Curving the Notion of Real Products, Real Media, and Real Branding

Did you know that 54% of women try on at least ten pairs of jeans to find even one pair that fits?

Shopping is an emotional activity for people—and shopping for that perfect pair of jeans can be a difficult task, especially for moms who want to feel comfortable in their clothes without losing their sense of style.

Levi’s took note that one jean size in no way fits all—especially for new moms—and came up with Curve ID, a way for women to build their own jeans according to their shape, a friendlier measurement to the traditional size metric.

What is Curve ID?

Meet Sarah James, a mother of two who has an engaged community who follow her blog Whoorl where she talks about everything from beauty, to food, to raising children, and more.

Sarah’s story is relevant for a few reasons.

One of them is the fact that Sarah is a mom blogger. More and more moms are building a life for themselves from their home office—where they can keep one eye on their children while pursuing their passion and earning income.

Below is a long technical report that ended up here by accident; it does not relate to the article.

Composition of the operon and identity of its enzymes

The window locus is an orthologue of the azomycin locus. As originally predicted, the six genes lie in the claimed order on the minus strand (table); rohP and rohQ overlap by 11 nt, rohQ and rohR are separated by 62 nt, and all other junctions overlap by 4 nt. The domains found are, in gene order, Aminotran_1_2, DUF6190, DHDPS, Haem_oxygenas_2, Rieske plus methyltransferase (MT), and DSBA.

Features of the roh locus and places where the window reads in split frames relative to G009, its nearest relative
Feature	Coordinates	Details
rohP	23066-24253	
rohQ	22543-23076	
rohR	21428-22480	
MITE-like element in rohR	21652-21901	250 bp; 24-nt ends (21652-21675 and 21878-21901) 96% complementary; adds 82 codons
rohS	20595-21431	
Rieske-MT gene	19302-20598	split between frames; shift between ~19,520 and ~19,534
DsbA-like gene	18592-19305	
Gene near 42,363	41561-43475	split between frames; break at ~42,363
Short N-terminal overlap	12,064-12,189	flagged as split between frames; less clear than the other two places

Brands like Levi’s know they need to earn trust with the Sarahs of the world through relevant individualized products, and messaging that’s pure and honest.

If you’re like me you DVR most of your favorite shows because you hate advertising. But, this piece of content that focuses on Sarah’s story I really enjoyed watching. In fact I’ve watched a few of these different Curve ID short stories.

“Content Marketing”

What Levi’s created is the opposite of what has been termed “content marketing” as defined by David Spark of Spark Media Solutions. Spark wrote in article “Why we should stop using the term ‘content marketing.”

Spark says, “There is no “marketing.” When you create content to inform and educate, you’re providing answers that may fulfill a step in the sales process, and you may be strengthening trust of your brand, but that’s true of all content…. The name ‘content marketing’ assumes a sales pitch within the content. If there was a sales pitch in the content it would be called ‘advertising.’”

Spark has a solid point. Brands need to inform, engage, entertain and inspire. All brands make themselves attractive to the community by listening and serving its community [based on the needs of the community].

When we say “community” we don’t just mean one general group. Just like the women who shop for jeans, a one size fits all approach will not work. There are hundreds of thousands of variations on community shape. Just as Levi’s did with Curve ID, content and approach should be curved according to the needs of that particular community.

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